Rise & Shine: Ben Davis career center offers training for students in fields such as aviation
It’s been almost 10 years since virtual charter schools started up in Indiana, and they’ve exploded in growth — now they serve more than 13,000 students.
But while their enrollment has skyrocketed, they have struggled academically. And, in some cases, low performance has inspired serious concerns about how they educate kids. Along the way, lawmakers have hesitated to regulate them, but combined the schools have continued to bring in hundreds of millions of dollars in state funding.
How’d we get here? Shaina has the story.
Plus, Indianapolis Public Schools is continuing to chart a new course in its relationship with charter schools — this time, the district is considering using property tax money to fund free busing for students in the KIPP schools the district houses.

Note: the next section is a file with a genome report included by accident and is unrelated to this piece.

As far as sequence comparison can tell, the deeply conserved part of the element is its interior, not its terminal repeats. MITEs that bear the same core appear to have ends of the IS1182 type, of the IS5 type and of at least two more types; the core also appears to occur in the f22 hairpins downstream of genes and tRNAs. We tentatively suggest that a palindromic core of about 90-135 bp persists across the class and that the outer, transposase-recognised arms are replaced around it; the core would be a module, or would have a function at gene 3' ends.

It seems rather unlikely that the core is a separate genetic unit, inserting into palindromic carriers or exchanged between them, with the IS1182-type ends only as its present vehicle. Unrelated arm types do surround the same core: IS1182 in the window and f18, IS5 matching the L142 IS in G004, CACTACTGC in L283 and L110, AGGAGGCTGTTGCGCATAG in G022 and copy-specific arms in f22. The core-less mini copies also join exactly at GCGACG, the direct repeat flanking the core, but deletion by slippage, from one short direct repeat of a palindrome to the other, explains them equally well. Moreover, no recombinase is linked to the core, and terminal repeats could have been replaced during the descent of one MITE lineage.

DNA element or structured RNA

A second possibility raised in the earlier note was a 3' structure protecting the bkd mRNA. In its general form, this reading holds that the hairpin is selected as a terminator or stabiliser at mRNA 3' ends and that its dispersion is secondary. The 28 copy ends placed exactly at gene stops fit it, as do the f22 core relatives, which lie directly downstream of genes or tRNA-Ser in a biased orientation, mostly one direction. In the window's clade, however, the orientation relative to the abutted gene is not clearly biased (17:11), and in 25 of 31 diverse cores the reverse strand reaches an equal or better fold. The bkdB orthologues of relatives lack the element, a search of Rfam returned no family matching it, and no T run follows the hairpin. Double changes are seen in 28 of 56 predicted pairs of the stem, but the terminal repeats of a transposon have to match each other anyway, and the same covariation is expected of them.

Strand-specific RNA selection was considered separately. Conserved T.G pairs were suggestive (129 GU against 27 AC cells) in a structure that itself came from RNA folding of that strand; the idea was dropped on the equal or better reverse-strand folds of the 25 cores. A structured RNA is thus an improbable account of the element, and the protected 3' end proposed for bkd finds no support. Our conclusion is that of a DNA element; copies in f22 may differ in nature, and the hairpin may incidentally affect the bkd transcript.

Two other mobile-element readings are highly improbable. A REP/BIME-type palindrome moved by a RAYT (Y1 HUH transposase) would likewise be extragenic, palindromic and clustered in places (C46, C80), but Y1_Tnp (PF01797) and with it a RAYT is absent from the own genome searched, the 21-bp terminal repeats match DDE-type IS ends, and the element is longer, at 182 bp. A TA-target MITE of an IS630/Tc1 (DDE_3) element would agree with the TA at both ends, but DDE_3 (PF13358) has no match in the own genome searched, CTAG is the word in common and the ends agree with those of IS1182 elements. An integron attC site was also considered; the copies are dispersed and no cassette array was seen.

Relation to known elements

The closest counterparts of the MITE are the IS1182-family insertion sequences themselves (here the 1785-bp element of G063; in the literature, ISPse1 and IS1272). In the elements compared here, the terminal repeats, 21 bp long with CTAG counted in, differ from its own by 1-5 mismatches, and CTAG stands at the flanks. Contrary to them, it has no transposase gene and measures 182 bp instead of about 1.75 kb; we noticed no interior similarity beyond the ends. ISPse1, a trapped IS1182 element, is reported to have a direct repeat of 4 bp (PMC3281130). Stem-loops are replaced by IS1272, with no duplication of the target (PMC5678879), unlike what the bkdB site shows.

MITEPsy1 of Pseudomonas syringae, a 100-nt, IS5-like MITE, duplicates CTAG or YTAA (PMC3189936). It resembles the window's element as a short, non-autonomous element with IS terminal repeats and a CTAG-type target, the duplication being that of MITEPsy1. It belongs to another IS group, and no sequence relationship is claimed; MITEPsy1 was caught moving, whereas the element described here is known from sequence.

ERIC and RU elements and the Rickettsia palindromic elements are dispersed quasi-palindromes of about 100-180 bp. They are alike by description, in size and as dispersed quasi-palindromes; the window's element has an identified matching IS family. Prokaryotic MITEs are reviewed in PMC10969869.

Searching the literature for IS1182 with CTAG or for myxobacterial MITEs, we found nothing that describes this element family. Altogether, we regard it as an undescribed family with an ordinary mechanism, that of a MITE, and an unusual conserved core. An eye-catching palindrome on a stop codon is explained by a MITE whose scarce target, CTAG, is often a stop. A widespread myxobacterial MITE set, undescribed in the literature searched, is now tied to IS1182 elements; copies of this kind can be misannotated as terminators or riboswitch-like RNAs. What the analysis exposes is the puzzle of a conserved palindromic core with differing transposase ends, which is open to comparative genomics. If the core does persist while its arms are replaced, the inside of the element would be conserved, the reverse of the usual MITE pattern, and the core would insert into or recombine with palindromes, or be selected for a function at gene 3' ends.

— Dylan Peers McCoy, reporter
Rise & Shine is Chalkbeat’s morning digest of education news. Subscribe to have it delivered to your inbox.
VIRTUAL SCHOOLS: Online charter schools have morphed over the past decade from small programs designed to serve a niche group of students into giant catch-alls for some of Indiana’s hardest-to-serve students. Chalkbeat
SHARING: The Indianapolis Public Schools board will vote Thursday on whether to provide some KIPP charter school students free busing, a move that would give the schools rare access to services funded by local property tax money. Chalkbeat, WFYI
NEWBIES: Research out of Los Angeles finds that teachers in their first few years end up in classrooms with more struggling students and in schools with fewer experienced colleagues. Chalkbeat
CAREER TRAINING: The career center at Ben Davis High School offers students training in areas including aviation, health science, and engineering. WTHR